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Honeywell High-Temperature Microelectronics Can Take the Heat

Honeywell High-Temperature Microelectronics Can Take the Heat

Honeywell High-Temperature Microelectronics Can Take the Heat

It’s probably not surprising that you can find Honeywell microelectronics gathering, processing and storing data on all kinds of aircraft and spacecraft exposed to high levels of radiation. But system designers are also finding other places to put our aerospace-grade sensors and integrated circuits, including in spots that are too hot for conventional electronic devices to handle.

“Our high-temperature microelectronics give system designers enormous flexibility when they need components that operate reliably under harsh conditions and extreme temperatures,” said Gordon Shaw, Engineering Manager for Honeywell’s Integrated Circuit Process and Device team. “For example, our circuits are used in downhole drilling because they can be placed near the drill bit, which can experience temperatures above 175 degrees Celsius, which is about 350 degrees Fahrenheit.”

In fact, Honeywell’s best-performing high-temperature microelectronics are designed to operate reliably at temperatures ranging from -55C to 225C for up to five years, according to Shaw. “But these circuits can actually withstand temperatures as high as 300C (572F) and still get the job done,” he said.

Delivering that kind of robust performance is all about the wafer process and packaging technology, Shaw continued. “We use silicon-on-insulator wafer process technology and ceramic packages for our high-temperature electronic components. This enables them to perform better and last longer in harsh environments than packages made of plastic, which can only tolerate temperatures up to about 175C. Ceramic packages not only withstand high temperatures better, they are extremely mechanically stable and robust.”

These properties make Honeywell high-temperature microelectronics are ideal for system designers looking for the right combination of performance, reliability and flexibility in the microelectronics that is so critical to their projects.

“Designers rely on our integrated circuits and sensors to perform many kinds of tasks,” Shaw said. “For example, an IC can be configured to convert analog readings to digital, so they can be fed into digital devices for computational analyses and decision-making. Our hardware lets designers choose the way the circuit operates and what it does… we provide them with a lot of options.”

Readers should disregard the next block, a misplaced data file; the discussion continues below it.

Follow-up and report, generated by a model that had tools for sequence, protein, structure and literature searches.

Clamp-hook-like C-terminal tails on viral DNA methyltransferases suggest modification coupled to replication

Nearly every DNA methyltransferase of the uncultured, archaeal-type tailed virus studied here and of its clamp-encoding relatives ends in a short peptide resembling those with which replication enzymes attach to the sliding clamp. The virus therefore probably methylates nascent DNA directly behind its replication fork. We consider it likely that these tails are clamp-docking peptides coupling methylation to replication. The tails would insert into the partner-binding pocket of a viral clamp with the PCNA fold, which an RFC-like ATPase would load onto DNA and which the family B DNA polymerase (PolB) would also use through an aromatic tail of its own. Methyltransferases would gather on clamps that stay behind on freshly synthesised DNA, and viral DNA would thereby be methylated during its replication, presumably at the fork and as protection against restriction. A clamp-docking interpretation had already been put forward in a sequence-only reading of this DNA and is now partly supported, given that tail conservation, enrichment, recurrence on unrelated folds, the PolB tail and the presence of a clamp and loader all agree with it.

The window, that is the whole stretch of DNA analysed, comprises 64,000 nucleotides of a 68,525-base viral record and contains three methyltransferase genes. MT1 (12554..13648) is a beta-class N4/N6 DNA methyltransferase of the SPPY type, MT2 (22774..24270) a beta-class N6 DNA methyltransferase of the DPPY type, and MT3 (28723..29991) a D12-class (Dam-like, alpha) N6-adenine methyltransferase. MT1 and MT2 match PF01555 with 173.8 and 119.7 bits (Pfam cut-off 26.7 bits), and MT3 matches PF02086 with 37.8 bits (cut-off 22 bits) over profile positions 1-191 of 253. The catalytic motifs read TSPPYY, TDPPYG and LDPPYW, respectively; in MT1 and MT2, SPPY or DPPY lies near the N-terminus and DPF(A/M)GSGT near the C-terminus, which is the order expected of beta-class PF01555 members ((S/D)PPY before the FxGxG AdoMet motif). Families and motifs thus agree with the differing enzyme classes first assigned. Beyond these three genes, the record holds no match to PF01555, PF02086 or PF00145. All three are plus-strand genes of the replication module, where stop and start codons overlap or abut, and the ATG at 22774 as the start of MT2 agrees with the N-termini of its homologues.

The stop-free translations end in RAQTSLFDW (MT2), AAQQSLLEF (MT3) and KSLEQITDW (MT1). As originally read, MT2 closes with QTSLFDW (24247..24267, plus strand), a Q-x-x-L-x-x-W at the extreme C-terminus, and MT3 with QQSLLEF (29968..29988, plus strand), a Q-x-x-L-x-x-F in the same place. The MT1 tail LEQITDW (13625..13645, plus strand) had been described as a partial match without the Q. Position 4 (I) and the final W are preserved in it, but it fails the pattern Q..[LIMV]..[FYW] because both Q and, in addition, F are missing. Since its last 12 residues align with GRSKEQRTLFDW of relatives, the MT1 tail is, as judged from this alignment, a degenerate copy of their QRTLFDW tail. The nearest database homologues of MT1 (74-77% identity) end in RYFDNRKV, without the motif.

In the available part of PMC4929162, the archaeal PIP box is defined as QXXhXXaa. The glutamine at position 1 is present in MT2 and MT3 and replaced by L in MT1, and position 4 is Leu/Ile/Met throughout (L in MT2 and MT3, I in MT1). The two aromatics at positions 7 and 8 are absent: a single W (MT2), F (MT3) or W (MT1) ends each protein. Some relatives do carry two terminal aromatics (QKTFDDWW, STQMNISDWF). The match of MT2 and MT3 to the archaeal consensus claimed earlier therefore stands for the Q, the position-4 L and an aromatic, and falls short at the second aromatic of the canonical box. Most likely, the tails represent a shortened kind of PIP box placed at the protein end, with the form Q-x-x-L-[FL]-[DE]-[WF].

High Temperature Microelectronics for Oil and Gas

In the oil and gas industries, Honeywell high-temp sensors monitor the exact position of drilling heads as skilled technicians search for hydrocarbon deposits thousands of feet underground or beneath the ocean’s surface. Oil companies also use our sensors to monitor producing wells for pressure and temperature and identify potential problems.

High Temperature Microelectronics for Aircraft Engines

High-temperature electronics are also used in aircraft engine-control systems and other critical aerospace applications, and Honeywell is working with automotive system designers on ways to improve the performance of car and truck engines using this advanced technology.

Honeywell continues to invest in new technologies and packaging techniques to improve the performance, reliability and flexibility of its family of high-temp microelectronics, though the bar is admittedly set pretty high.

“We’re not aware of a single time one of our high-temperature microelectronic components has failed in the field,” Shaw said. “They literally never stop working and customers only replace them when the devices reach the end of their five-year design life.”   

For more information and to learn how Honeywell microelectronics can help your business, please click here.  

Jeremy Dingman
Director, Customer Marketing

Jeremy Dingman is the Director of Product Marketing and has been with Honeywell since 2015.

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